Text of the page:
Meatless Monday is a global movement, a way of life. It’s not a campaign to turn everyone in the world vegetarian or vegan; in fact, many involved are meat-lovers. Eating less meat has been proven to reduce the risk of disease, curb obesity and has important environmental impacts, too. Will you join us in giving up meat, just for one day a week?

You’re busy. And hungry. You have 15 minutes to get dinner on the table because you have loads of other stuff to do. Here’s how it could go down:

Scenario 1: You drive on over to Taco Bell on your way home. You shout your order into the speaker, pay and wait 6 minutes for your giant bag of chalupas and gorditas to appear, drive back home, arrange the paper-wrapped tacos and such on the table with paper napkins and packets of hot sauce, and viola, dinner is served.

Scenario 2: You preheat the grill, and while you’re waiting, mix together a quick marinade of garlic, cumin, coriander, oil, vinegar and honey. Toss asparagus, peppers, mushrooms and sliced firm tofu in the marinade and grill them for a few minutes, till they’re tender.

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Meatless Monday: Stuffed Peppers

Bal Arneson's potato-and-rice stuffed peppers.

American stuffed peppers are usually packed with ground meat and rice or breadcrumbs, sometimes covered in tomato sauce, and baked till they’re tender. But the American way isn’t the only way; stuffed peppers are common across the globe — in Mexico, Chiles Rellenos are poblano peppers stuffed with cheese, then battered and fried. The Spanish stuff their peppers too, often the piquillo variety, filling them with rice, manchego cheese, cod or beef, and in India, peppers are stuffed with mashed potatoes, onions and spices. Spice Goddess Bal Arneson adds brown rice to mashed potatoes in her Indian-spiced stuffed peppers, making them a filling meal and a great way to use up leftover rice or mashed potatoes.

The recipe calls for pomegranate powder — you can find that in Indian markets, health and specialty foods stores or online. If you can’t find pomegranate powder, use a squeeze of lime juice instead, but if you do buy it, also try it in Bal’s Vegetarian Burgers, or add a teaspoon to a fruit smoothie.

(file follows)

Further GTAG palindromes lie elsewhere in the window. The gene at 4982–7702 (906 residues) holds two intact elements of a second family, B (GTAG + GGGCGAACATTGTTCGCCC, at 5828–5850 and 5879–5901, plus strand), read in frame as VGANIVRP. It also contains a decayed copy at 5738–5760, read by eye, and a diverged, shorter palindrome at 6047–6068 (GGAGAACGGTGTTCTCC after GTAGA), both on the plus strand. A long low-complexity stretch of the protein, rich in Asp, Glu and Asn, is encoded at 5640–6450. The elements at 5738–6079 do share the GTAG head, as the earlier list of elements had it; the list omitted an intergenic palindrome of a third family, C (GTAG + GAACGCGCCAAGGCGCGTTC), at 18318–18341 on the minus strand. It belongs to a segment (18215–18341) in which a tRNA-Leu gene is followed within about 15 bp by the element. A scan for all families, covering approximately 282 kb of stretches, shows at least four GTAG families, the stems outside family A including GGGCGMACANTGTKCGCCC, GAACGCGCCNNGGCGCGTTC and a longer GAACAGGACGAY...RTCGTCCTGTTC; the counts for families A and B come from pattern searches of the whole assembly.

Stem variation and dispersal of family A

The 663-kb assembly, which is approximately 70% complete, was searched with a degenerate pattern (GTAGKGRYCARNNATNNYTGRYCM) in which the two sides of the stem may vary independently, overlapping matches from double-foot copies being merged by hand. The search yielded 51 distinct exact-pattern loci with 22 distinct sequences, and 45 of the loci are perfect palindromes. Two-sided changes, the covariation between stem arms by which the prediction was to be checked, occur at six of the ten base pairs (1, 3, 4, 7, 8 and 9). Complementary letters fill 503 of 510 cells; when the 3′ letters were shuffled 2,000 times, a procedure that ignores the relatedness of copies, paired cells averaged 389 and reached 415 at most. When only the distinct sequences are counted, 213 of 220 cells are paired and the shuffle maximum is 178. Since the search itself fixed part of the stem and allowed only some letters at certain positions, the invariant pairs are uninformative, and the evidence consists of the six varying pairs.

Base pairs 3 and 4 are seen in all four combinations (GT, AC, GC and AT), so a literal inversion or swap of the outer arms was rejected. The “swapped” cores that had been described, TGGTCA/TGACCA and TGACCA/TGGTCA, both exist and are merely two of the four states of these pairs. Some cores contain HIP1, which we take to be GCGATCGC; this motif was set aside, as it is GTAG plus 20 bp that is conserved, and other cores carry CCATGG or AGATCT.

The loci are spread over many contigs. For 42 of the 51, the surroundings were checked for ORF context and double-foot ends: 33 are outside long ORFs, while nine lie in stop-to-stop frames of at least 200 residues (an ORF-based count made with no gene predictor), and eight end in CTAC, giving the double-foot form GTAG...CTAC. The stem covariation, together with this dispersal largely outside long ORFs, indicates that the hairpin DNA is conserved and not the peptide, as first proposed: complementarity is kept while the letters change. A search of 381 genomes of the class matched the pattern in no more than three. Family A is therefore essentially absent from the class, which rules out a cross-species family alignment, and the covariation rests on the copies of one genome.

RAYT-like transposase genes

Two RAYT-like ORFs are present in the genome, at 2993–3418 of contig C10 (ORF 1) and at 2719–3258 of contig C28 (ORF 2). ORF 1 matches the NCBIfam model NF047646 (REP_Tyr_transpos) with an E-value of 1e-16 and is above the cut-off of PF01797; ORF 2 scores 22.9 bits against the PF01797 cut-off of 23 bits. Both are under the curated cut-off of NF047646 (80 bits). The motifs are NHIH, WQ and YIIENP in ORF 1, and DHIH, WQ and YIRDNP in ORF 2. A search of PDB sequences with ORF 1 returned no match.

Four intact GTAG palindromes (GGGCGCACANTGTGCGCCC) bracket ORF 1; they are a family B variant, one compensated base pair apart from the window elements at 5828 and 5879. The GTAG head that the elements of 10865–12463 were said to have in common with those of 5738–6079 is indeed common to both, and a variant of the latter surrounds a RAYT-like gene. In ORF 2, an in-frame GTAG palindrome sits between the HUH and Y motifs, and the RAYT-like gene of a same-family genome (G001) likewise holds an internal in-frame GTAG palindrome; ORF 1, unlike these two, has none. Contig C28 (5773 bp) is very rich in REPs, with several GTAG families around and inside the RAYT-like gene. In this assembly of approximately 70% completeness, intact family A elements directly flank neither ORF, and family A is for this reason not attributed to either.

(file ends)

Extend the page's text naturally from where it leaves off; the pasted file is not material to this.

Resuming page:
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Sifted: Musical Pairings, Indian Food Palooza and Boozy Foods

Black Trumpet, Leek, and Meyer Lemon Pizzettes, Things Worth Fighting For

Black Trumpet, Leek, and Meyer Lemon Pizzettes-- Turntable Kitchen

5 Hot Links We’re Loving:

  1. Mushroom-leek mini pizzas + hot hypnotic beats = new level of kitchen inspiration. –Turntable Kitchen
  2. #IndianFoodPalooza? We so want in. –Indian Simmer
  3. Boozy Foods: Gear up for St. Patrick’s Day by working a little into your food. These twice-baked potatoes are shamelessly delicious. –Dana Treat
  4. Technique to Try: Chopsticks to scramble your eggs. –theKitchn
  5. Copycat Recipe Crazy — Can you actually tell the difference? — Food.com

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Meatless Monday: Kidney Bean Stew With Sweet Potatoes and Oranges

kidney bean stew

Bal Arneson's Kidney Bean Stew

I cleaned out my kitchen this weekend — the ‘fridge and cabinets and everything. When I did, I discovered that I had about 100 pounds of dried beans. Some I bought in bulk and stored in glass jars because I like the way they look, and I assumed I’d use them up quickly. And more still came from a bean share I get through my CSA; we’re able to order grains, beans and flour from a small organic farm in western New York called Cayuga Pure Organics. My intentions were good when I placed the order, but when I received the beans, I got lazy and stashed them instead of cooking them. So now I’m faced with enough beans to run me out of my apartment. I’ve vowed to cook every last one.